- Reham's vitiligo prevented her from attending numerous social events and ruined her joyful memories until she started to love her unique look about six years ago.
- Soon after, she was pleasantly surprised when she was approached by a modelling agency, which wanted to feature her in a skincare brand.
- Even though she had been told she looked like Meghan Markle with vitiligo, she had not expected to become a model.
Vitiligo advocate Reham Soliman (34) from Cairo, Egypt, was diagnosed with vitiligo at 14-years-old. Reham’s vitiligo started with a dot on her neck and spread to over 60% of her body. Growing up, she was bullied for her skin condition and grew to resent it, feeling unconscious of her skin.
Reham’s vitiligo held her back from many social occasions and tainted the happy moments of her life. She was bullied in school for her skin condition making her more conscious of her look.
Reham only gathered the courage to accept her vitiligo six years ago and decided to be herself in all respect and gained a newfound confidence.
Her friends often commented that she looks like Meghan Markle with vitiligo but little did she know that her look would earn her an opportunity to be a model.
She was pleasantly surprised when she was approached by a modelling agency in 2020, which wanted to feature her in a skincare brand.
She had not expected that at all, even though she had been told she looked like Meghan Markle with vitiligo.
Speaking of the modelling opportunity, she says, “I was so surprised when a skincare brand approached me for a modelling opportunity. It was an unbelievable experience, and I have seen how it has encouraged so many other people to accept their differences.”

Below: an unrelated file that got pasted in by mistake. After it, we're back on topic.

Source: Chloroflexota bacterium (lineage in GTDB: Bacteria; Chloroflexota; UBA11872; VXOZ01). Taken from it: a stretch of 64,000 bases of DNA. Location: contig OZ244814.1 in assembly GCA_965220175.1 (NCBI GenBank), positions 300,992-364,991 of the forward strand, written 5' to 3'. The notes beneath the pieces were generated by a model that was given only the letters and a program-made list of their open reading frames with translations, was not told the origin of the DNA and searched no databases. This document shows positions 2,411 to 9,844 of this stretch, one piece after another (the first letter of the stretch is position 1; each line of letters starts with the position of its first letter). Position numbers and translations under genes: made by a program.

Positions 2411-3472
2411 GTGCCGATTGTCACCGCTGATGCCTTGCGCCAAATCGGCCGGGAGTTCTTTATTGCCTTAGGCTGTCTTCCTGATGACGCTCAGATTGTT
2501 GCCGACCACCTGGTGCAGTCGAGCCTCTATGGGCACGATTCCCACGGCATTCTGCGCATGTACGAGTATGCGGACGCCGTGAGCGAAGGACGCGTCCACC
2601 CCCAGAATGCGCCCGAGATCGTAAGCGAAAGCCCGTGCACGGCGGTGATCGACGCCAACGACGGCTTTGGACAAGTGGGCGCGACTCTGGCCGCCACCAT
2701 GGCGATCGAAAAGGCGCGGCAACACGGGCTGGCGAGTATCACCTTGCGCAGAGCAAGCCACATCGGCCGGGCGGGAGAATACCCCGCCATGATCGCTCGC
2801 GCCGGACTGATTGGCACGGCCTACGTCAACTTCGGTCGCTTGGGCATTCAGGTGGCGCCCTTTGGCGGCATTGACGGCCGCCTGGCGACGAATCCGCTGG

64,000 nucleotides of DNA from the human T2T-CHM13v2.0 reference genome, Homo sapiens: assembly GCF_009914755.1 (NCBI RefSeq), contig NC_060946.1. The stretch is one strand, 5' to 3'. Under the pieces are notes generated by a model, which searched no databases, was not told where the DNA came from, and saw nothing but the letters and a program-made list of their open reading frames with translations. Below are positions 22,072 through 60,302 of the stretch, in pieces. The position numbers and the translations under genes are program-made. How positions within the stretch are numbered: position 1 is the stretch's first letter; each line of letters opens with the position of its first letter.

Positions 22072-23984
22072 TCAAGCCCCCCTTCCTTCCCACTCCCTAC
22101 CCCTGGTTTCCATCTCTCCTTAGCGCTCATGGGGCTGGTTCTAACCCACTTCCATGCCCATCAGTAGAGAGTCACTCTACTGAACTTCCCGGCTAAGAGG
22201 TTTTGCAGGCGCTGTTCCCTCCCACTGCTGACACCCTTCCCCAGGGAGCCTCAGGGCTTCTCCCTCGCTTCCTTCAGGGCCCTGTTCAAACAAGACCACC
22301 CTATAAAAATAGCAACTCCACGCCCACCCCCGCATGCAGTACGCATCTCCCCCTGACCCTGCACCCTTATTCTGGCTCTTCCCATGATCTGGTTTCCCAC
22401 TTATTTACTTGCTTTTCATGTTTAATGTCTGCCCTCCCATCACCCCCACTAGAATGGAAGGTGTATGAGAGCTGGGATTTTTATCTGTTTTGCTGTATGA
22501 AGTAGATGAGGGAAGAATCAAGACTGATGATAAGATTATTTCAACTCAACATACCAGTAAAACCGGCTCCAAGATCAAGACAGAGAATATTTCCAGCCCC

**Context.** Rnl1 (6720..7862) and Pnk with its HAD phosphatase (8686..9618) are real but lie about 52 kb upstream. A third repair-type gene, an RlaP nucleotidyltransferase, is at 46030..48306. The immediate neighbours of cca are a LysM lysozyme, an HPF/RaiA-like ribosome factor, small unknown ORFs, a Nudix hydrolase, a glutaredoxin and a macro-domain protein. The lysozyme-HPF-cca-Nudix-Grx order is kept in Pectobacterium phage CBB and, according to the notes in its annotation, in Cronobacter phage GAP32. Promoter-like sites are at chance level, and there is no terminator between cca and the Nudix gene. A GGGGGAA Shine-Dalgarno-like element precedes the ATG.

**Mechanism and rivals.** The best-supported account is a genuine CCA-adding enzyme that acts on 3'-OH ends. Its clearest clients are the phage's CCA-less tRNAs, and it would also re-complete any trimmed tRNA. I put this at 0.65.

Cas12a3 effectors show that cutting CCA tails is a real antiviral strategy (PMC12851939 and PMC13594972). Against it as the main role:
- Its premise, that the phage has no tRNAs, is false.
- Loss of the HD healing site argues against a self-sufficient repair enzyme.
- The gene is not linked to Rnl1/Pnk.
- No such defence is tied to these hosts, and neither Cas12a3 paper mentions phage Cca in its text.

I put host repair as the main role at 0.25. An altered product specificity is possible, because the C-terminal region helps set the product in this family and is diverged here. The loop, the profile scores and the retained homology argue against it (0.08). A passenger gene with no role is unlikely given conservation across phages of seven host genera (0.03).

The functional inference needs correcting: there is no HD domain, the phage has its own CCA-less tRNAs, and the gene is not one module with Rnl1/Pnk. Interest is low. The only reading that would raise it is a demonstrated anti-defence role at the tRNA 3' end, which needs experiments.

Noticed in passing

Reham has gained a lot of confidence through modelling and advocating vitiligo, however, it has not always been a great experience.
“A while ago, I was approached by a modelling agency that wanted to feature me as a diverse model. However, when I went to their studio, they had me in for a completely different photo shoot in a different category called TODAA.," says Reham, adding that they were classifying people with unique characteristics and just using the veil of diversity for publicity.
“I asked them not to use my pictures, and I was very disappointed by the agency as a whole after that incident. I have vitiligo, but I am still a human being, I do not like being pigeonholed and categorized and locked in a corner.”
Overall, Reham believes her being so confident in her own skin has encouraged others to accept their own flaws.
“I get a lot of positive feedback from people all over the world for my pictures that I did not accept,” she says. “And not just from the vitiligo community but from anyone that does not fit into society’s standards of beauty. People with weight or health problems approach me to say that seeing me makes them feel alright with being different. “People can be different and still live their lives and be happy.”
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